There was a time I struggled with the abortion issue, but in the end I was unable to believe the claim that a fetus is not a baby.  It just doesn't make sense to me; it's no different than saying, "Your child is an infant, not a baby",  or "That kid is a toddler, not a baby" .  At what point does the fetus magically transform into a human?  There have been premature babies who lived after being born less than six months in the womb, so I guess we know they turn into a human before that.  Am I the only one who sees how ridiculous that is?  Killing a tiny human devalues the lives of all people.  

I am a spirit.  I have a soul.  I live in a body.  And so does that tiny speck that is growing so strong and lively, desparately wanting to make a mark on the world.

The Bible tells us God knew each of us before we were born,  Even if I were an atheist, though, I could never convince myself it's right to murder a human being. 

A person's a person, no matter how small.     


  1. I do agree, a person is a person no matter how small. You put an interesting take on that book. Taking the life of another is never right, no matter how small. Good one!

  2. I am pro-choice, but would never personally have an abortion. To me the issue isn't a black and white one, and I see way too many people who are pro-birth, yet most definitely not pro-life since that includes support (money would be involved) for struggling children and families. My friend works as a CASA and with foster families, and unparented children; it's a real eye opener.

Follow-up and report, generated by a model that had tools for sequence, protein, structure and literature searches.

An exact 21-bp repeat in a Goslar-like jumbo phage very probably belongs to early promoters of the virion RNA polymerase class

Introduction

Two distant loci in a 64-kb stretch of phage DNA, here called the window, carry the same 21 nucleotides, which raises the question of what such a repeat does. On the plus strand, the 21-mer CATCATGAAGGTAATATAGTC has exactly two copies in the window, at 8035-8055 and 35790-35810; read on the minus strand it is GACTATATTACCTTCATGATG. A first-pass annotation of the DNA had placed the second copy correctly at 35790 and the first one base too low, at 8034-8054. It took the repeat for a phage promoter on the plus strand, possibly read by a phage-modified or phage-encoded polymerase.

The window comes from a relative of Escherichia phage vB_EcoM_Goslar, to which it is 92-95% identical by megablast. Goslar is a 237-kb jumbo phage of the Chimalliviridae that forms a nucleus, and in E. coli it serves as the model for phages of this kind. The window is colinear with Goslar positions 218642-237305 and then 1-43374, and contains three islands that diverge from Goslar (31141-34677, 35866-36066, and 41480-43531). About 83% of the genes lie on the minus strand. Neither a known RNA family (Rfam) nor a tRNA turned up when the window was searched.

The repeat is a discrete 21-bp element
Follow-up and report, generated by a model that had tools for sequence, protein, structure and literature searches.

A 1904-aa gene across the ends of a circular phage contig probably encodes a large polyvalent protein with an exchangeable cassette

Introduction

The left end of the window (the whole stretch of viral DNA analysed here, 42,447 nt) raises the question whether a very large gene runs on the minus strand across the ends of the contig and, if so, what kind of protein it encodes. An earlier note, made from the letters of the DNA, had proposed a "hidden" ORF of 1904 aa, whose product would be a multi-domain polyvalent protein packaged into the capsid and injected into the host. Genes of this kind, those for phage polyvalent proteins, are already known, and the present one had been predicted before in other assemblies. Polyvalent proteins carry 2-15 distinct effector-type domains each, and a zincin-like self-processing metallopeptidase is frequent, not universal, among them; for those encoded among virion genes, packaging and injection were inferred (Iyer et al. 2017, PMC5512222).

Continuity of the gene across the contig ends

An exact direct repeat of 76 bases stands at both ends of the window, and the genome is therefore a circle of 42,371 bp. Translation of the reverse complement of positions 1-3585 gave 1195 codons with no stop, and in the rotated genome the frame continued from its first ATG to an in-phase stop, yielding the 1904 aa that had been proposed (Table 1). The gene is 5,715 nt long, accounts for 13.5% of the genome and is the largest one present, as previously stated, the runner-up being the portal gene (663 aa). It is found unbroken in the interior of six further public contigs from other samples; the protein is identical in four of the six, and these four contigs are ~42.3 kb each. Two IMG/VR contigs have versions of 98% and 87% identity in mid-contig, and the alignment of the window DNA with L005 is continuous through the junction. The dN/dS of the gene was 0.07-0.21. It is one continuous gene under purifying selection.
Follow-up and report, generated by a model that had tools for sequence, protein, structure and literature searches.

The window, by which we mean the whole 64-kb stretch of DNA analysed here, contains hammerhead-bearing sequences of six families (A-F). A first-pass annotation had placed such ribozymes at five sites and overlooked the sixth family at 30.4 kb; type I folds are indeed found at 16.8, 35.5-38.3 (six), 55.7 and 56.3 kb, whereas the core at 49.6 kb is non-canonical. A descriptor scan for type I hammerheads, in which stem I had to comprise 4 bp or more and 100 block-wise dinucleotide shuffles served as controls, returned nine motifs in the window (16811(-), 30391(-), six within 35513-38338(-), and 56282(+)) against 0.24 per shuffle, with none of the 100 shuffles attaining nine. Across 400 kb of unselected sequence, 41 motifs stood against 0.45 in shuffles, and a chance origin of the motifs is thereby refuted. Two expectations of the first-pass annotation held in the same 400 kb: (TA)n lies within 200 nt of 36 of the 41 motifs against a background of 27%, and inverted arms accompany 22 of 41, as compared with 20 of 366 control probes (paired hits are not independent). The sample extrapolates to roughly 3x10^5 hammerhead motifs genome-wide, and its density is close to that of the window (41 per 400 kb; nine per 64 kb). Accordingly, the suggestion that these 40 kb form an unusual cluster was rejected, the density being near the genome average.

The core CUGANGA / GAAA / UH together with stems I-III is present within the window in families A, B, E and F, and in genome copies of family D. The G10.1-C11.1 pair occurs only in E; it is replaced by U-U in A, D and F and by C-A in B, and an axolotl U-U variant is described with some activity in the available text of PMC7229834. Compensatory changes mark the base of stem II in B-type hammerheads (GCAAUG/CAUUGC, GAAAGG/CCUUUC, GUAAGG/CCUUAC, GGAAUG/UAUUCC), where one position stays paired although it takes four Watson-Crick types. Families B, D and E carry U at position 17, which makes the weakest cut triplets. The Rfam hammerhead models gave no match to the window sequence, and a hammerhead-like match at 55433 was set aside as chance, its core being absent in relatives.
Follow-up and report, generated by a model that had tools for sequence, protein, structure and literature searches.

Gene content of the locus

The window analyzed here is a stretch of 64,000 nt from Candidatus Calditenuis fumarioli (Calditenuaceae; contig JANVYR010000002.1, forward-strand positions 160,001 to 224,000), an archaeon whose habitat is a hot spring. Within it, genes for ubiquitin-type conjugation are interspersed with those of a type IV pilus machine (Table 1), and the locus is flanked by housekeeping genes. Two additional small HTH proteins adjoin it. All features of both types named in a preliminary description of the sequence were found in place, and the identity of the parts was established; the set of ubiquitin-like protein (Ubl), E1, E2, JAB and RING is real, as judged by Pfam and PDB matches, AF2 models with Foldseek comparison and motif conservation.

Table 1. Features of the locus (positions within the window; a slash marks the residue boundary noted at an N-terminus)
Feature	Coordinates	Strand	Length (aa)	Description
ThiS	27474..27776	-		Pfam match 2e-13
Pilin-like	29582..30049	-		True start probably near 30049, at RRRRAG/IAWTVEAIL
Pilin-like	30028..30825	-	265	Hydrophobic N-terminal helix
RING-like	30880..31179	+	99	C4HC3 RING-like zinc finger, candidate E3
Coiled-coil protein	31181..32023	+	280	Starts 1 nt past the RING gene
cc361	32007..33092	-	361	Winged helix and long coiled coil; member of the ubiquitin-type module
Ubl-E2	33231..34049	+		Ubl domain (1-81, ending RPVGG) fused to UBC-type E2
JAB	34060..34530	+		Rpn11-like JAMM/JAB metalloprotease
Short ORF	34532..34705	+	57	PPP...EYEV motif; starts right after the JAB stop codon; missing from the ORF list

3. The world should read this. Perfect!

  4. I too am pro choice but would never have an abortion myself.It's a while until the union of the two...egg and sperm is even a fetus.

  5. The fertilized egg is just a zygote and even later a blastocyte before it even becomes an embryo...about 10 weeks.

  6. I have struggled with this issue most of my life. However, a rose by any other name is still a rose. If you do away with the zygote, that means a person who would been born has been destroyed, with all their potential. I do have a problem knowing that many of the unborn babies would be born into terrible situations. I agree it's a gray area, even for me. But I can't change what I feel in my heart. I've agonized over this, yet I agree it's a conundrum.

  7. I think it's terrible for folks to use abortion for birth control. I can understand why some folks would end a pregnancy but I personally could not do it. During the depression, when my sister Phyllis was five and I was two and a half, my mom came up pregnant with twins. Years later,after my mom died, my aunt Mildred told me they had been aborted. I don't know whether that is true or not. Mom always told Phyllis and me that they had miscarried. I will never know for sure. My aunt Mildred had a poor relationship with my mom. My mom died in 1980.

  8. For what it may mean, I just want you to know that I think You are RIGHT Donna. I feel the same way.